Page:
Should Christians Be Involved in Politics?

Politics – A Christian Enters the Fray

Presently we are a divided nation. We’ve fallen a long way from “One nation, under God, indivisible …” It seems that citizens either fear other citizens, or they’re angry at them. Yet being angry or afraid of people with whom we disagree is not only divisive, it’s unproductive. We need brave leadership to lift us above the anger and fear. We need our leaders to be our GPS – to work together and discover a route leading America out of this rut and back on a path to unity.

God has given us the Bible as an atlas to guide us forward. It provides us with God-given principles by which to live. Whenever we can find a potential leader who already endeavors to live their lives by these principles, we should take note. We have such a person in Loretta Rigney.

Loretta is currently running for Schenectady County Legislator. Recently I posed a few questions for her to answer. With her answers we can get a sense of what kind of leadership she would provide. Here is a record of these questions and her answers.

What steps brought you here?

Over the years, God has put wonderful people in my life who have helped me develop good relationship and community building skills. After watching the division that the Presidential election caused in our country, I began to think that perhaps those skills would be useful in local government so I wrote down a simple goal: “To run for public office”.  In my mind, it was a five year goal, but God opened doors so quickly that within a few months I had an interview for an open Town of Glenville Board seat.  I wasn’t selected for that position, but I made a good impression on the interview team which included members of the Schenectady County Republican Committee.  They asked me to interview for the County Legislator race and a week later they called me and asked me to run. It’s definitely been an exciting whirlwind.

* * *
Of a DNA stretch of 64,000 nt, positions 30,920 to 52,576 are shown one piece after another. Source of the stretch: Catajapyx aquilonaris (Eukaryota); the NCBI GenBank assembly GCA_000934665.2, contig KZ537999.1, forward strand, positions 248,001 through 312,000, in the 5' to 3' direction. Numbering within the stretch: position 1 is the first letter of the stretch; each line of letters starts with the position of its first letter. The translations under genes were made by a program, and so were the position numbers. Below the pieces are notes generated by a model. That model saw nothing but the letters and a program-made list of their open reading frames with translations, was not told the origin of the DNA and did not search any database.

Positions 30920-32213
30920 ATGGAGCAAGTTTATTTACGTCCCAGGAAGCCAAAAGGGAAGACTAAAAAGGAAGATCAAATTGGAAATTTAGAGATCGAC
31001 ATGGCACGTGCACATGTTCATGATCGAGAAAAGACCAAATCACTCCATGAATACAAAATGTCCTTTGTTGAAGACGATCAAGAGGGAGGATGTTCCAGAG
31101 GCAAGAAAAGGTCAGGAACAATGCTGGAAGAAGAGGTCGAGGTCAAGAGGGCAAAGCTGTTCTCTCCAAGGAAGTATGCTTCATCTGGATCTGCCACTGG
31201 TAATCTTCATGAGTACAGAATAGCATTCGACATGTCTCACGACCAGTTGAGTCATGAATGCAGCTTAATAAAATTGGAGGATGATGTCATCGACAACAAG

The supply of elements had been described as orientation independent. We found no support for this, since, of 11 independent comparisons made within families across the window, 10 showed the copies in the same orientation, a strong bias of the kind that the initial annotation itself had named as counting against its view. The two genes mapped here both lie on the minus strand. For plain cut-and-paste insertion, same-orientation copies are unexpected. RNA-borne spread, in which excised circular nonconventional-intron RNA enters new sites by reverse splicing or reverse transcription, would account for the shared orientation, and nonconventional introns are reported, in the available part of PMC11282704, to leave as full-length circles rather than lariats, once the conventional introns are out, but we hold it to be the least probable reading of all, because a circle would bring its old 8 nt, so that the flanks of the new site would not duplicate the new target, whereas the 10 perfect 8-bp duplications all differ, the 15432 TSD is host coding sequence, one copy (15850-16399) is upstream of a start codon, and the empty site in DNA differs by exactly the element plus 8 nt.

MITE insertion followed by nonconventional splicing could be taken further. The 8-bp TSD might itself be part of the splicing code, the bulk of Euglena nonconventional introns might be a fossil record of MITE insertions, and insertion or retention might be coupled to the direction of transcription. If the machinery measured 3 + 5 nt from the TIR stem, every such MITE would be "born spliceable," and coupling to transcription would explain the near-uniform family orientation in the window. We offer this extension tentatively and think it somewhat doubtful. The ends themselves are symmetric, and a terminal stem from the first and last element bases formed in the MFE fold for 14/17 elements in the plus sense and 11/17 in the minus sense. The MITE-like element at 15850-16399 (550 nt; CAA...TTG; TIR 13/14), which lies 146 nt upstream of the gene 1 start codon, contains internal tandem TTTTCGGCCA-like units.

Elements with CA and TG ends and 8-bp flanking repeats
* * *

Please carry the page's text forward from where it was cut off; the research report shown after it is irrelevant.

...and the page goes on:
Is your family on board?

I discussed running for office with my husband, Tom before I interviewed for the Town Board position and he was in agreement with me.  We discussed it again when I was asked to interview for the County race and again we were in agreement.  We prayed together before each interview.  When I got the call to run, I called him first and together we made the decision that I would accept the offer.  Campaigning is extremely time and energy intensive.  I’m out of the house a lot and the time away will continue to increase as we approach the election in November.  To have a supportive spouse is absolutely essential if I’m going to come home to a happy and peaceful house at night.

What has been the biggest surprise so far?

The biggest surprise was the impact that the minor parties have in the election of the major party candidates.  In NYS, in addition to the Democratic and Republican parties, there are also the Conservative, Green, Working Families, Independence, Women’s Equality, and Reform parties.  If these minor parties do not have their own candidates to run, they can endorse the major party candidates and their names will appear on that line of the ballot.  It’s agreed that the more times your name appears on the ballot, the better chance you have of winning, so getting those endorsements is highly sought after.  Candidates who were not endorsed can choose to get enough signatures from registered members of those minor parties to hold a primary in order to get their name on the ballot instead, but that can cause friction between the parties. Candidates have to decide between potentially “burning a bridge” with the influential leaders of the minor parties or fighting for that space on the ballot.   In this race, my running mates and I were endorsed by the Republican and Reform Party.  We decided not primary for the Conservative and Independence Parties and we have collected enough signatures to hold a primary for the Green Party.  We decided not to go after the Working Families and Women’s Equality endorsements due to conflicts with some of their positions.

What do you say to Christians who think we should stay out of politics?

God can use government to influence society. Since He works predominately through His people, if we’re not involved His opportunities to influence America are diminished.  Not all of us are called to run for office, but there are lots of ways to be active.  Good government is kingdom business.